Contrary to what the name suggests, the "Academic Bill of Rights" would restrict, not enhance, academic freedom and intellectual activity.


Some useful background

A proposal to adopt an "Academic Bill of Rights" has recently swept state legislature.   The proposal is the brainchild of David Horowitz, a writer and activist who openly claims authorship, who argues that colleges and universities discriminate against "conservative" views and those who hold them. Thus, he and other proponents, such as the Students for Academic Freedom, present the ABoR as a way to promote "balance" in the teaching of controversial issues and counter discrimination on the basis of viewpoint.

Horowitz and others contend that the lack of balance ion campus is a result of the predominance of Democrats over Republicans in the professoriate, and that political affiliation of faculty members alone demonstrates the absence of balance in teaching.  If so, is the "solution" to replace Democrats with more Republicans?  However, basing academic employment decisions on political affiliation is plainly unacceptable. Turning academic appointments into political patronage jobs is not only anathema to educational goals, it is unconstitutional.

Reliance on political affiliation to support the case for the ABoR is itself deeply troubling, since it is at best an imperfect proxy for views on academic subjects, or for professional responsibility and demeanor. The other evidence offered are anecdotes from dissatisfied students. Even if some of these represent valid complaints, they are more appropriately addressed in existing mechanism, through the complaint and review procedures that exist on virtually every college campus.

The language of proposed legislation

While the proposals may seem innocuous, even admirable in parts, they are vague, sweeping, and ambiguous. For example, what precisely is meant by a requirement to foster "a plurality of serious scholarly methodologies and perspectives" and to "respect all human knowledge"?   A 2005 Ohio bill would have prohibited teachers from "persistently introducing controversial matter" that "serves no legitimate pedagogical purpose," but did not define "persistently" or "controversial.  Nor is it clear on how "legitimate pedagogical purpose" would be evaluated, or by whom.

Indeed, proposals would chill spontaneous classroom discussion on any subject that might be considered controversial, if the topic is not on the day’s curriculum, as well as courses on "hot topics" in current affairs, like hate speech or pornography, mideast politics, and the justifications for war in Iraq.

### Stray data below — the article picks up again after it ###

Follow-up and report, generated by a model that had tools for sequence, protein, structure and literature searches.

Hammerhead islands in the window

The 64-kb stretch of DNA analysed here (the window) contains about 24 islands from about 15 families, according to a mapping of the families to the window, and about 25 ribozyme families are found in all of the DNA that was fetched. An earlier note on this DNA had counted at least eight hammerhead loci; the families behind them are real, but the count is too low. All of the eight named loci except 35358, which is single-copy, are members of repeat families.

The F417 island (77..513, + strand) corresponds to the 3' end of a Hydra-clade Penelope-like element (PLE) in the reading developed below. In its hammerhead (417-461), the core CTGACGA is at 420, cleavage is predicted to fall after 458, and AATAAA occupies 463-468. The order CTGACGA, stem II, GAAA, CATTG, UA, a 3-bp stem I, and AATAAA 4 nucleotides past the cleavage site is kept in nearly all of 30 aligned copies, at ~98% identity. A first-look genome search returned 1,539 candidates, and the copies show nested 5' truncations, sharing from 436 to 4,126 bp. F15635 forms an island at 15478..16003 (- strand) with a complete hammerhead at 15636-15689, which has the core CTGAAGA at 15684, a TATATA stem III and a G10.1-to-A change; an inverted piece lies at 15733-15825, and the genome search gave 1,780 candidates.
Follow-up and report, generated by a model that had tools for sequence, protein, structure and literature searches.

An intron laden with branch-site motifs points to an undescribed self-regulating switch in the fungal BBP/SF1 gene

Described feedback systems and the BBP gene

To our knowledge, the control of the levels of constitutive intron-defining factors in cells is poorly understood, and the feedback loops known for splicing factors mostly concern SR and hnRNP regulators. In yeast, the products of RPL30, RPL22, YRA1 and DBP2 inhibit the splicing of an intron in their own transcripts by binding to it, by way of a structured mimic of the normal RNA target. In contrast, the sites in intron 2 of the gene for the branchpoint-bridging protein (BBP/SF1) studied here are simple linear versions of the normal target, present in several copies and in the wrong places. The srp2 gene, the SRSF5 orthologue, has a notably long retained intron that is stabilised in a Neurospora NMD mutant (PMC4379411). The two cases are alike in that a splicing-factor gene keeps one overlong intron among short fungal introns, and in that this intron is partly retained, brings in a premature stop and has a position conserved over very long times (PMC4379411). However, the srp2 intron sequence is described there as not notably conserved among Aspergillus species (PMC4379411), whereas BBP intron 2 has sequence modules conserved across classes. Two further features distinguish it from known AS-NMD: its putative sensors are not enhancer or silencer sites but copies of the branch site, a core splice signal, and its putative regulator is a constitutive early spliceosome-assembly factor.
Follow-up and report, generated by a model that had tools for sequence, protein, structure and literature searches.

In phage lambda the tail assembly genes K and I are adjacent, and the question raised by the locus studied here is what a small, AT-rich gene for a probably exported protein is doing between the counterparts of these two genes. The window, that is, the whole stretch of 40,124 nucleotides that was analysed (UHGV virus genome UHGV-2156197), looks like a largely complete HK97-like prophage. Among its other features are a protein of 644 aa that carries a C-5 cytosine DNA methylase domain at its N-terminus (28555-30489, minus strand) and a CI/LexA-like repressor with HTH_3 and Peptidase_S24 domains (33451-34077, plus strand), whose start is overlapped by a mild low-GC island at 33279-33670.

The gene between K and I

The compulsory "organizational neutrality with respect to the substantive disagreements that divide researchers" would apparently preclude the chair of the biology department from giving educators advice about efforts to require the teaching of creationism, or the head of the medical school from giving a public talk about FDA policies for drug approvals.

Then there is the requirement that teachers must "make their students aware of serious scholarly viewpoints other than their own." How exactly would this work in the classroom? Should the foreign policy perspectives of Henry Kissinger have been tempered in their classes, because of his conservative and controversial views?  What about William Buckley: should he be required to "balance" any course he teaches by engaging in a continuous debate with a representative of the ACLU?  Must Abigail Thernstrom, an opponent of affirmative action, provide counter evidence in every class on the subject, even if she thinks it flawed? Must Milton Friedman treat capitalism and Marxism equally?

No single course can present all points of view. Without the freedom to present strongly held views, even if those views are contested or controversial, education will be reduced to a robotic narrative consisting of "on the one hand" versus "on the other."


The "Academic Bill of Rights" will invite complaints, disputes, confusion, and a host of other problems, both practical and theoretical, as well as embroil the legislature in the day-to-day operation of colleges and universities. It may seem like a good idea, but a close examination of what lies behind the rhetoric of "balance" reveals not only a proposal that cannot work in practice, but also represents unwarranted government interference with academic freedom.

For more information, see NCAC's letter to the Ohio State Senate and read the American Association of University Professors' ABoR statement.